It might still be early days in the fifth season of the Indian Super League (ISL) but the pressure is on FC Pune City after a stuttering start to their campaign.
Having notched up their maiden playoff appearance last season, the Stallions were pegged to go far this time, especially on the back of retaining their two most prolific attackers in Marcelinho and Emiliano Alfaro.
Having parted ways with Ranko Popovic, Pune roped in former Delhi Dynamos coach Miguel Angel Portugal to guide the ship for the fifth edition. The Spaniard oversaw a disastrous first-half of Delhi’s campaign last season before a minor turnaround towards the end lifted them to the eighth spot on the table.
The possession-based style that Portugal brought to the Dynamos along with the confidence he bestowed on young Indian talents like Lallianzuala Chhangte, Vinit Rai and Nandhakumar Sekar was perhaps what attracted Pune management to rope him in.
The move did make sense with the Stallions retaining the core of their domestic talents in the form of Ashique Kuruniyan, Sarthak Golui, Rohit Kumar and Vishal Kaith.
Two matches into their latest campaign, Pune find themselves second from last in the table with just a solitary point to show for their efforts. Portugal’s men started their campaign at the home of the Spaniard’s former club and were lucky to come away with a point after being dominated for the majority of the game.
In the second game against Maharashtra rivals Mumbai City, two first-half goals from the Islanders were enough to quell any Pune response in the second period.
It is true that the Stallions have sorely missed the wizardry of Marcelinho with the Brazilian unavailable in the clash against Delhi due to his suspension being carried over from last season’s Super Cup. The forward only started on the bench in the loss to Mumbai, coming on in the second half to induce some much-needed urgency for Portugal’s men.
In both of Pune’s games so far, Portugal’s men have started brightly before fading away for the majority of the game. They have taken their sweet time to wake up again with the scoreboard pressure reflecting in their much improved second-half performances.
Pune are bearing all the hallmarks of Delhi’s first-half campaign last season. The side have enjoyed the majority of the possession as is Portugal’s mantra and have looked to defend with a high line. Just like the Dynamos were at this time of the year last season, Pune too have been toothless in the final third.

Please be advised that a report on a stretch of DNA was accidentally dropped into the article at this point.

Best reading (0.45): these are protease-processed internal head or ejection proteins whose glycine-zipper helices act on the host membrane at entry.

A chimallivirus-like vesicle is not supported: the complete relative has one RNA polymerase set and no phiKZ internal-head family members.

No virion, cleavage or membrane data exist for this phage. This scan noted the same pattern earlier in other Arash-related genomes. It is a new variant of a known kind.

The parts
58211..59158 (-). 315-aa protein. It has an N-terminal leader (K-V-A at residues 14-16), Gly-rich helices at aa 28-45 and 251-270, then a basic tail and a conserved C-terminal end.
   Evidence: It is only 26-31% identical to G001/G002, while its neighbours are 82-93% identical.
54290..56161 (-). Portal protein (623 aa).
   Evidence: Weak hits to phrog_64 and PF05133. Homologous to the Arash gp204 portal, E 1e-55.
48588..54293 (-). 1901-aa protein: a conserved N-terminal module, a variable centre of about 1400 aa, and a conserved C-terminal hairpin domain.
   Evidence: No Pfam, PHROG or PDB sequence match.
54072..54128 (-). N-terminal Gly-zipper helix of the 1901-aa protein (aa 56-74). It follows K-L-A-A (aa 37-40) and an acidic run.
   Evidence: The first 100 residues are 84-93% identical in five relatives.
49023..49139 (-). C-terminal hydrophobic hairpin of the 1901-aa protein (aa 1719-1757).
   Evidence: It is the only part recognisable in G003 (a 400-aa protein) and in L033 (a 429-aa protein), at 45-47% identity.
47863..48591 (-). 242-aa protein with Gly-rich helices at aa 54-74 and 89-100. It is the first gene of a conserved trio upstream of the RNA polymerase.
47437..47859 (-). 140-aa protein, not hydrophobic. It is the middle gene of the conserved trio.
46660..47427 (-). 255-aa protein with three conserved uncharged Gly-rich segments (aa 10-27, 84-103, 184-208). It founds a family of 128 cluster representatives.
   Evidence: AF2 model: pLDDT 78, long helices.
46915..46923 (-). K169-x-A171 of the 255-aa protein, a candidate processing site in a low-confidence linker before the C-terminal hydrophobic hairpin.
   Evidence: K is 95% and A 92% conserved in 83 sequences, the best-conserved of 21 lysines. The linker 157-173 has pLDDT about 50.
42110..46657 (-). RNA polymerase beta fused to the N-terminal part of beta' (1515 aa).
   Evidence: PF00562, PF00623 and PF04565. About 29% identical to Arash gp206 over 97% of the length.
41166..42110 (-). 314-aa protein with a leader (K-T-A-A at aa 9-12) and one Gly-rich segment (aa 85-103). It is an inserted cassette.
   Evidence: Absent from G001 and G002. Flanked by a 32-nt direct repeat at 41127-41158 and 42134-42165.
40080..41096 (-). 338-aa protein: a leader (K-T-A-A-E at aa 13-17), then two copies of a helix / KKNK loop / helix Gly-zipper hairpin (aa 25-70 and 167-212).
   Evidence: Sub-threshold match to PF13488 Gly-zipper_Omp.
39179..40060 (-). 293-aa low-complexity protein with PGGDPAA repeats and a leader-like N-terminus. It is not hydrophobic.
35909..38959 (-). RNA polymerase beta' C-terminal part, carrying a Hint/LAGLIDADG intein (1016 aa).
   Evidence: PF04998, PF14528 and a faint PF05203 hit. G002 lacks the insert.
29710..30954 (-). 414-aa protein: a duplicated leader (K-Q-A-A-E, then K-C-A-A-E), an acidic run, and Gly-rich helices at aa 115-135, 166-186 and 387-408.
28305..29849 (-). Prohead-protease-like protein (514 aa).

Portugal’s philosophy took some time to be in ingrained in Delhi’s system last season and a familiar script seems to be following him this time around too. By the time the league came to an end last season, Delhi’s system had become much more fluid and pleasing on the eye with the team bearing the stamp of a well-drilled unit.
That has not been the case so far for Pune, but, with the stakes as high as ever, the side cannot afford to make the same mistakes Delhi were guilty of last season. Time is of the essence for Pune if they want to remain in contention for a second consecutive playoff appearance and their next test promises to be crucial.
Back in the comforts of home, Pune welcome last season’s runner-up Bengaluru next and another defeat could very well derail their campaign before it has even taken flight. Also, last season, Bengaluru eliminated Pune in the play-offs. In four attempts, Pune could not beat Bengaluru at all in the 2017-18 season.
Lack of goals has been a killer for Pune so far with Diego Carlos' equaliser against Delhi the only one the side have scored so far. Marcelinho seems a certainty to start the clash after his exciting cameo against Mumbai and the onus will very much be on Pune to take the attack to Bengaluru.
Marko Stankovic, who is very important for Pune in midfield, will be expected to start as well.
They cannot afford another sluggish opening 45 minutes nor can they afford to take their time to be jolted into action. The Blues are bound to come all guns blazing and it will be up to the home side to make sure they make the best use of their home advantage.
Falling behind in the pecking order early into the season can have a domino effect on the rest of the campaign as Portugal himself knows that all too well.